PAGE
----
In recent days, Israeli forces demolished or confiscated 46 structures in the Palestinian Bedouin community of Humsa al-Bqai’a in the Jordan Valley, leaving 60 people, including 35 children, displaced and at risk of forcible transfer. (File photo via OCHA
During two major incidents in recent days, Israeli forces demolished or confiscated 46 structures in the Palestinian Bedouin community of Humsa al-Bqai’a in the Jordan Valley, leaving 60 people, including 35 children, displaced and at risk of forcible transfer, said a UN body.
The United Nations Office for the Coordination of Humanitarian Affairs (OCHA) in the occupied Palestinian territory said in its flash update on the situation in Humsa al-Fouqa al-Bqai’a Palestinian community in the northern occupied Jordan Valley, recently uprooted by the Israeli occupation forces, that many of the affected structures were donor-funded and had been provided as a response to previous mass demolitions/confiscations.
The report, which covers the period up to February 5, 2021, said that following the most recent incident on 3 February, the Palestinian Authority (PA) and some humanitarian organizations were able to deliver emergency humanitarian assistance (including tents) to the displaced families. Some of which have been confiscated by the Israeli authorities.
The community, including infants, is currently living in tents which a humanitarian agency managed to provide for them in the early afternoon of 4 February. Their vulnerability is compounded by inclement winter conditions and by the ongoing COVID-19 pandemic.
Assessments of outstanding needs are ongoing, although the area has been declared closed by the Israeli military. UN officials joined the EU in a visit to the community on 4 February.
Humsa al-Bqai’a is a Palestinian Bedouin community, located in Area C in the northern Jordan Valley. Originally displaced as a result of the first Arab-Israeli War of 1948, the community members have gradually settled more permanently in their current location in the al-Bqai’a valley, due to Israeli settlement expansion and restrictions imposed on their access to grazing land.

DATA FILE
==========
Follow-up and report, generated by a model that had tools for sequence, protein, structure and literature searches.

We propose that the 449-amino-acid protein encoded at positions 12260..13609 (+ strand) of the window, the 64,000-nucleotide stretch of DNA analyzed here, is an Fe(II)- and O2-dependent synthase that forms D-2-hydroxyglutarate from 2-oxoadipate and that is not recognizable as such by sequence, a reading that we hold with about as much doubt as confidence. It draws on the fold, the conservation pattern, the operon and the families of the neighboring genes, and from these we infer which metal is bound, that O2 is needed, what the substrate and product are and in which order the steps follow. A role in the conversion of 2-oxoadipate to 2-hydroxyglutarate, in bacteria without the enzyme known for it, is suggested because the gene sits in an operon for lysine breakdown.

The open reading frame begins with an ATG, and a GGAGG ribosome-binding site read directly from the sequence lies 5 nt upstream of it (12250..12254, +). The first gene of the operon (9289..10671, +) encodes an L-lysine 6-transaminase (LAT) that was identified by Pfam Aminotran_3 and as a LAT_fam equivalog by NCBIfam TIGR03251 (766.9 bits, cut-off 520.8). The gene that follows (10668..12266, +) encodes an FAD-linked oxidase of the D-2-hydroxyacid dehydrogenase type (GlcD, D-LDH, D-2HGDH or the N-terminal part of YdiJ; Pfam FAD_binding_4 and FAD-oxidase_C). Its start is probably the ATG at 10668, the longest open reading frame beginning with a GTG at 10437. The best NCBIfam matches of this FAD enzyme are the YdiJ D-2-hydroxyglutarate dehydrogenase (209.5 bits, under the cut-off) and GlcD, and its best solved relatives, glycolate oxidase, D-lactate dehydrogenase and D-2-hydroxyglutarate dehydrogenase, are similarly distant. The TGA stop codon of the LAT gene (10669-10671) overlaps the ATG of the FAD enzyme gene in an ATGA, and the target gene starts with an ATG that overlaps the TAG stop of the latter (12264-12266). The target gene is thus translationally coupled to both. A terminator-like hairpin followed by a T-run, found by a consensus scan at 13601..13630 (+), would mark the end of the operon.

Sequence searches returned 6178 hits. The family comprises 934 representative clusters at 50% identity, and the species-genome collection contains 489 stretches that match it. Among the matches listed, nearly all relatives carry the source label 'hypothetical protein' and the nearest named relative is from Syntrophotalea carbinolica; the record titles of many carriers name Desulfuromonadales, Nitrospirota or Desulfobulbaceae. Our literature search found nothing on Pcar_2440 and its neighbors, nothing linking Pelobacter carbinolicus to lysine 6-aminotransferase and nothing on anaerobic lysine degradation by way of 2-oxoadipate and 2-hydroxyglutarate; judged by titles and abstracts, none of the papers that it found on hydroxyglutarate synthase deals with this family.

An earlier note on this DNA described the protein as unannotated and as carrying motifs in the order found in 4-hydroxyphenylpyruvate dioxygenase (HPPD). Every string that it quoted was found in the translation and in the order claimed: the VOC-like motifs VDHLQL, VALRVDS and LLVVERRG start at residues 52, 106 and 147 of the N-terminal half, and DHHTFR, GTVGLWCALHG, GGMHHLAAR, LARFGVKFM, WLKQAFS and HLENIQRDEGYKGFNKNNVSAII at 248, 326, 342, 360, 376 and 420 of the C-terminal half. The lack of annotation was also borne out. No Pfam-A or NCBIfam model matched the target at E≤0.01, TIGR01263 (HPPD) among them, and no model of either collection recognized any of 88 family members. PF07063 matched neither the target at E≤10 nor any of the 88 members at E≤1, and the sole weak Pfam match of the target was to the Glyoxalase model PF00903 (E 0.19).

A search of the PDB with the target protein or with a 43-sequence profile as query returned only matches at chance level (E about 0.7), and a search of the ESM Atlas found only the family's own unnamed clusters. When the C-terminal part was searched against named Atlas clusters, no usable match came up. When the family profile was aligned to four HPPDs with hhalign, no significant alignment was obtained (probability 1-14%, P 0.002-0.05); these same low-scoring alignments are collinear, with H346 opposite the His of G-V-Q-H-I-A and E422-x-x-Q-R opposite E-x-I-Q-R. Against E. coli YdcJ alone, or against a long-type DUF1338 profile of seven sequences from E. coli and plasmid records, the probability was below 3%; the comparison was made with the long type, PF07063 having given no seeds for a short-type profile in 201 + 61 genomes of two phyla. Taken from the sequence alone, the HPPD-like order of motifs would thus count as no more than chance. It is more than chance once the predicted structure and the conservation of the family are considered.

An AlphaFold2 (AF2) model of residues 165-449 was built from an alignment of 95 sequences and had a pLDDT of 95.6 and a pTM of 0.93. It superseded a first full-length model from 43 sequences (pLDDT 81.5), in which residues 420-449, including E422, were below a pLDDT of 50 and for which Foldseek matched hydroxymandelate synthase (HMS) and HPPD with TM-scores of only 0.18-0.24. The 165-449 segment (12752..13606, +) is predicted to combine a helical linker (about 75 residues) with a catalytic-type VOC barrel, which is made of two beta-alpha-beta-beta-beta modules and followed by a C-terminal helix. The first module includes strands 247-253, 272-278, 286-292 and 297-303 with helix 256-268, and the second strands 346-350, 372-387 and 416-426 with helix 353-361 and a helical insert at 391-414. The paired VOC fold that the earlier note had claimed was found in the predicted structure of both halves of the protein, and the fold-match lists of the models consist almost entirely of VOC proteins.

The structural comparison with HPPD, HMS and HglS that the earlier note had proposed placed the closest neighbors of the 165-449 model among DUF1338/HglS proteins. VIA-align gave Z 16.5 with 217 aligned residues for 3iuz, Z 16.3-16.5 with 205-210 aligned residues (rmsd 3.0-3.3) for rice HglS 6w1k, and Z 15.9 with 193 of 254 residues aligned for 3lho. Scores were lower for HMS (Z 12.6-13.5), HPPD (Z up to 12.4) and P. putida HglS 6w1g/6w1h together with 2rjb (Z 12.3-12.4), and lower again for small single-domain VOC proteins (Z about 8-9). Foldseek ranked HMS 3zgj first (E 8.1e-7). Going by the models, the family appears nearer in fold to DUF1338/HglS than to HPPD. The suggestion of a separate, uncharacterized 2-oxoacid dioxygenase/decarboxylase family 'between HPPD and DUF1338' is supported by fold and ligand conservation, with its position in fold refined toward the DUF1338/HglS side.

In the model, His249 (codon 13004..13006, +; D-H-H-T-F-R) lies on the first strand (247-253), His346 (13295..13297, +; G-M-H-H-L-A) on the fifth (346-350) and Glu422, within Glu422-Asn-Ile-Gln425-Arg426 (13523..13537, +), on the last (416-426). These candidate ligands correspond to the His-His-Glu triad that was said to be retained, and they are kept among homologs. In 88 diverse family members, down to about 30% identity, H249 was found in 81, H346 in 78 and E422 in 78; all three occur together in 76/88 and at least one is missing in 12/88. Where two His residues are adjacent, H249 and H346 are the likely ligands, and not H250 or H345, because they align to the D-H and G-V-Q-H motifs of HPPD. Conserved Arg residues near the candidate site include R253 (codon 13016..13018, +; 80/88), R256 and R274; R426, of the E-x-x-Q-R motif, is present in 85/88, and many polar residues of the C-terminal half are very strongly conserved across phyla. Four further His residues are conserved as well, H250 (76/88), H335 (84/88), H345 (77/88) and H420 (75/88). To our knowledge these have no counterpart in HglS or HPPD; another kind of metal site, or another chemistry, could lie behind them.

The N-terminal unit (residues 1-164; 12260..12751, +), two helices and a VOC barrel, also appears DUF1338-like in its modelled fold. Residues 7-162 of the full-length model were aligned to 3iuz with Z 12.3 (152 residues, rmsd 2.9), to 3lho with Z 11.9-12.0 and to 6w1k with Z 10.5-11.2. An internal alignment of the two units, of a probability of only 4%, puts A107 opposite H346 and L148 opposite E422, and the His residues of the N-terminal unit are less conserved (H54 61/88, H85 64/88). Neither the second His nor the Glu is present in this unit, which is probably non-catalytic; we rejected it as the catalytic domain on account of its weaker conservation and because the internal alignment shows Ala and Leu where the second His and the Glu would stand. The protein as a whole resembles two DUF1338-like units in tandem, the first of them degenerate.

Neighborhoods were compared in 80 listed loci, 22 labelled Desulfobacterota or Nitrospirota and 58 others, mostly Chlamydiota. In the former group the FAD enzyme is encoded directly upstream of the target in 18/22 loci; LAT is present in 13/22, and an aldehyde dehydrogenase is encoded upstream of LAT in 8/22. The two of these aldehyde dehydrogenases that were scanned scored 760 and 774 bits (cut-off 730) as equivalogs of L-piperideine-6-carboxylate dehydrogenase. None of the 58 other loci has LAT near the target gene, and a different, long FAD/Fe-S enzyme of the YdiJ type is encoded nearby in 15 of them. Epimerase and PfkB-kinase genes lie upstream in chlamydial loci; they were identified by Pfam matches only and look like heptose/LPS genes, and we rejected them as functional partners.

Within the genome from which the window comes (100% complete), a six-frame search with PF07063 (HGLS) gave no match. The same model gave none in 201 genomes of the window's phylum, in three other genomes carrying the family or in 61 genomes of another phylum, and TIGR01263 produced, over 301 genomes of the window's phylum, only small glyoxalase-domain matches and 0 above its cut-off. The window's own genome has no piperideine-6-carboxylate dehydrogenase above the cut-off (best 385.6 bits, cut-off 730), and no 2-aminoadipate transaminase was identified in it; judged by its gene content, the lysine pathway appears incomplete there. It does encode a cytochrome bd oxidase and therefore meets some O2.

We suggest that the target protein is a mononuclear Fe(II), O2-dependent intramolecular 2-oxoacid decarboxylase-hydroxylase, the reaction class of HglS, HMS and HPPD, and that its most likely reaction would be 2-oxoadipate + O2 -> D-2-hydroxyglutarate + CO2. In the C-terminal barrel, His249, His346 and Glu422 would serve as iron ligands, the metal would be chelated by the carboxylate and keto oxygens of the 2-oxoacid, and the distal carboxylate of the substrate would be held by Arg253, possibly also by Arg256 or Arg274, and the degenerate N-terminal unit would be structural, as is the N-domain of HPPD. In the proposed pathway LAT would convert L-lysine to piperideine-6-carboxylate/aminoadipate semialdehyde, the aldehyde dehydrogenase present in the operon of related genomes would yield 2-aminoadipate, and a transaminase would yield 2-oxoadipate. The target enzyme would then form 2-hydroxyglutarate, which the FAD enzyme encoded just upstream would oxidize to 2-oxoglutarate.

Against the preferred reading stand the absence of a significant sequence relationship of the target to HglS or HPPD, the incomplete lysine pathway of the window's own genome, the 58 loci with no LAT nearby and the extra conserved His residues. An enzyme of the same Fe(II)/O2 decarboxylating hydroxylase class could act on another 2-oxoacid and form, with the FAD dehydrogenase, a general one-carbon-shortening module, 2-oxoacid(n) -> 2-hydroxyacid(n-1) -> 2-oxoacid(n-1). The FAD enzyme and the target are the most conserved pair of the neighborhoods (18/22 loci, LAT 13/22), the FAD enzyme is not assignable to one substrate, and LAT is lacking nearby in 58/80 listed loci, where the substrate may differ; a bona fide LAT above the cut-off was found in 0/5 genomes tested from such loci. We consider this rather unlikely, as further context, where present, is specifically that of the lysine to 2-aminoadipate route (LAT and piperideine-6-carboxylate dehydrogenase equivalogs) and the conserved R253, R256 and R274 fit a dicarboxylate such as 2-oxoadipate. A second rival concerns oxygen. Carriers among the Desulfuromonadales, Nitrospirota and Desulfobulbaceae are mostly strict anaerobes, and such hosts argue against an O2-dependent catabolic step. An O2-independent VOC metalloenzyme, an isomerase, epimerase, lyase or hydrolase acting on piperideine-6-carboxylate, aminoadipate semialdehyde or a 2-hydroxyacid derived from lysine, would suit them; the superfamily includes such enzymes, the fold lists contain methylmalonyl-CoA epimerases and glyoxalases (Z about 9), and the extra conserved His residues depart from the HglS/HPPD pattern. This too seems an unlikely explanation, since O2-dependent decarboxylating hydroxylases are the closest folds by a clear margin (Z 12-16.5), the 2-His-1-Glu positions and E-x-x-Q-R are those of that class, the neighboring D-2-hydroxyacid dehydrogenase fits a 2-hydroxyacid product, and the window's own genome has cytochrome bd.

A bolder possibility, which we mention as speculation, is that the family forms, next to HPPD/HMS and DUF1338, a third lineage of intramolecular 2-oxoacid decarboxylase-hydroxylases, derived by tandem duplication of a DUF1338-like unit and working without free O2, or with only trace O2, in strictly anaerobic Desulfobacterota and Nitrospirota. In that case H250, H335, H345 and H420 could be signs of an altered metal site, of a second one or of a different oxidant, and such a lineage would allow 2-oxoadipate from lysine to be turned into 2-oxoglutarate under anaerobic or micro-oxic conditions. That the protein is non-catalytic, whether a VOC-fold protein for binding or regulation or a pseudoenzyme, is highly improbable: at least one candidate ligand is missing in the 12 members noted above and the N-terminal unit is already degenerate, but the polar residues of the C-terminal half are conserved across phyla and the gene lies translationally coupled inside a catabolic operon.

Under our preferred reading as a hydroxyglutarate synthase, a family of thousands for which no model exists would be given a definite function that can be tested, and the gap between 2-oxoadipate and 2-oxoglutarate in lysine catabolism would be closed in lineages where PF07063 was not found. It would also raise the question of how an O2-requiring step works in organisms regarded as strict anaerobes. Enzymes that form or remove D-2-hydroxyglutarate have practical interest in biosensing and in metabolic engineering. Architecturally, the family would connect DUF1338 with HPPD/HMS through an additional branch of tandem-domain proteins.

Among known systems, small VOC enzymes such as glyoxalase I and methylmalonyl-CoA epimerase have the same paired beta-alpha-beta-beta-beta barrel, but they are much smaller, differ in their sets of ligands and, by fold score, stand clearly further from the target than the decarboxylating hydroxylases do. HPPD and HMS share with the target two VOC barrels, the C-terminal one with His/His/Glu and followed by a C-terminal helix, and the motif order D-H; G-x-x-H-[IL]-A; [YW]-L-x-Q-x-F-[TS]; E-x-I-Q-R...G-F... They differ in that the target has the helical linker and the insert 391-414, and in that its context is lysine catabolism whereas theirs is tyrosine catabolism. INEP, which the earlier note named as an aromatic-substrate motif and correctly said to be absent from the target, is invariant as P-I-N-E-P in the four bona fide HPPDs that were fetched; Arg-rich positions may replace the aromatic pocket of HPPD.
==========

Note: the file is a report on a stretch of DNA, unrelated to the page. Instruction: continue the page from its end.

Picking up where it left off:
The majority of the community is located in an area designated as a ‘firing zone’ for Israeli military training, where Palestinian residency or access is prohibited. The community predominantly relies on livestock raising for their livelihoods.
Designated firing zones, which cover nearly 30 percent of Area C, are home to 38 Bedouin and herding communities with over 6,200 Palestinians. These comprise some of the most vulnerable communities in the West Bank, with limited access to education and health services, and to water, sanitation and electricity infrastructure. On numerous occasions since 2012, the community was temporarily displaced while the Israeli authorities carried out military trainings in the vicinity; OCHA has recorded over 50 such incidents during this period.
Between 2007 and 2017, all of the structures in Humsa received demolition orders, on the grounds of a lack of Israeli-issued building permits. Such permits are almost impossible for Palestinians to obtain, due to the restrictive and discriminatory planning regime applied in Area C, which allows residents minimal opportunity for authorized construction. According to the lawyer assigned to the case by the PA, all legal and planning options have been exhausted for the part of the community located in the firing zone.
Humsa al-Bqai’a has been subject to four mass demolitions/confiscations, which have included water, hygiene or sanitation assets, and structures used for agriculture, among others, undermining their access to livelihoods and services. The first occurred in 2014, when 14 structures, including six donor-funded, were demolished. On 3 November 2020, in the largest forced displacement incident recorded in recent years, 73 people, including 41 children were displaced. The structures demolished were residential, WASH and livestock-related, of which 29 structures had been provided as humanitarian assistance.